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MTB News & Racing Round-up, Sunday, August 18, 2013

Date published:
August 18, 2013, 00:00

Edited by Sue George, Mountain Bike Editor

Welcome to our regular roundup of what's happening in mountain biking. Feel free to send feedback, news, & releases to and results, reports & photos to

  • NICA fosters clean competition among its high school racers

    TrueSport is the US Anti-Doping Agency's (USADA) initiative which will provide educational opportunities and implement programs for the NICA community
    Article published:
    August 14, 2013, 22:00
    Cycling News

    New partnership with USADA's TrueSport sends anti-doping message

    The National Interscholastic Cycling Association (NICA) has partnered with TrueSport, the US Anti-Doping Agency's (USADA) initiative to provide educational opportunities and implement programs for the NICA community that aim to help students develop as athletes while fostering a culture of clean competition and integrity in cycling.

    Together, NICA and TrueSport are delivering a range of programming to high school cycling league athletes, their coaches, and parents that encourages a lifetime of fair competition, making healthy choices, positive behaviors, and a focus on fun, beginning at an early age.

    Austin McInerny, NICA's executive director, said, "This partnership brings together two synergistic missions that focus on developing not just good athletes, but good students, and good people. We're pleased to expand our NICA offerings through this collaboration to further support our mission of helping young student-athletes develop strong bodies, minds, and character."

    The collaboration kicks off by equipping NICA member coaches with the TrueSport coaching education course, enabling them to expand their continuing education knowledge base. The course is a self-guided, online series of three modules, accredited by the National Council for Accreditation of Coaching Education (NCACE), includes a library of additional resources for enhanced and ongoing learning. Modules cover the topics of: Developing a Coaching Philosophy and Ethics; Understanding Supplements and Energy Drinks; and Navigating Performance-Enhancing Substances.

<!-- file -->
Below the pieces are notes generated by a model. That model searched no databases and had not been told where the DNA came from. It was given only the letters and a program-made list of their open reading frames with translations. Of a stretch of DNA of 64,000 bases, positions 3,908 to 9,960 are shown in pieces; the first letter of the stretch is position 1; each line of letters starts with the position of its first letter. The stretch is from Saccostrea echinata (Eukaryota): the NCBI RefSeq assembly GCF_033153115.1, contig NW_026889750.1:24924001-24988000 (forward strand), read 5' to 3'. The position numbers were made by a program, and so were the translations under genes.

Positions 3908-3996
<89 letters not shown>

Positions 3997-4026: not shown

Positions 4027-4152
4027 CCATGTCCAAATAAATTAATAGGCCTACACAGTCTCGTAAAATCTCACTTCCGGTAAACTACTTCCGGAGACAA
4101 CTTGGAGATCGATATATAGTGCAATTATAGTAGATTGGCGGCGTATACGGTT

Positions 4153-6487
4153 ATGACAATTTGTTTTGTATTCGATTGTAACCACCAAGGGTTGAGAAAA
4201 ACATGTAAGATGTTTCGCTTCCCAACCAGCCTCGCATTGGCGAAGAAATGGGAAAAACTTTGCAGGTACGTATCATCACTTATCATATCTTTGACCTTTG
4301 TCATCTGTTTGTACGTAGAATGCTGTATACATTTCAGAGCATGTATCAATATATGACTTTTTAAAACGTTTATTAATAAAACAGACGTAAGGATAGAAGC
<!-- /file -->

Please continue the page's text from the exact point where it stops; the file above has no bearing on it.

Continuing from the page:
Travis T. Tygart, USADA's chief executive officer, said, "This type of grassroots impact is exactly what USADA envisioned in creating the TrueSport initiative. Reaching out to young athletes such as the NICA league cyclists at an early phase in their lives, providing them with tools and skills for healthy decision-making and values-system development, and providing key education on nutrition, the wild world of supplements, and performance-enhancing substances, helps shape a future culture for sport that sets the next generations up for real success."

    Some of the additional initiatives planned for the collaboration include:

    - contributing expert content for the NICA coaches manual, as well as coaching curriculum tools to be used for sport and life training on and off the trail/road/track,

    - providing TrueSport publications, as well as online and interactive resources, for parents, coaches, and athletes to support the ideals of NICA and TrueSport in developing healthy and ethical life choices, as well as strong bodies, strong minds and strong character,

    - delivering timely, relevant and valuable information on these key themes through NICA coaches newsletters, member publications, and social media,

    - partnering on TrueSport Athlete Ambassador appearances and presentations by well-known cyclists, featuring profound stories of athletic and personal journeys, and

    - teaming up at competitions and events to bring TrueSport materials and philosophies to young competitors and their parents, coaches, trainers, and other entourage members.

  • Hannah in fitness race against world championships clock

    The current Australian national champion and defending women's Pietermaritzburg World Cup Downhill champion Tracey Hannah (Hutchinson UR team) has been ravaged by injury and is hoping that one preparation event ahead of the UCI MTB World Championships is all she will need to take her first World title.
    Article published:
    August 15, 2013, 00:23
    Cycling News

    Australian recovering from third broken collarbone in one year

    It has been a rocky road to recovery for Australian downhiller Tracey Hannah, who broke her collarbone during a practice run in the Alps just over a month before the UCI Mountain Bike World Championships in Pietermaritzburg. Last year she was celebrating in Pietermaritzburg after winning the women's downhill World Cup round, but after an injury-ravaged year, her world ranking has tumbled out to 26th. The gutsy 25-year-old Aussie is determined to be on the startline at the Worlds in South Africa to challenge for the 2013 world title.

    Hannah produced a fearless run during the World Cup leg at the Cascades MTB Park last year to pip second place Manon Carpenter by a mere 0.95 seconds at the end to take the victory.

    "This is the third time I have broken my collarbone in the last 11 months, so I consider it more of an inconvenience than a serious injury," the Cairns local said.

    "Breaking my femur last year was something that I really did have to get over, and I just dealt with the setback by being positive and working as hard as I could to get back to 100%."

    Having such a long-running battle with injury has meant that Hannah has spent a lot of her time on the sidelines this year, and it is going to be touch and go as to whether she will be available for the Worlds. Not being able to ride has meant that she has had to compensate for this in other areas.

    "At first I had to do a lot of resting and recovering after the injury, and then I started riding on the road a little bit to get my fitness levels up.

    "I am back on the bike now, but it's going to be a close one for Worlds unfortunately," Hannah said nervously.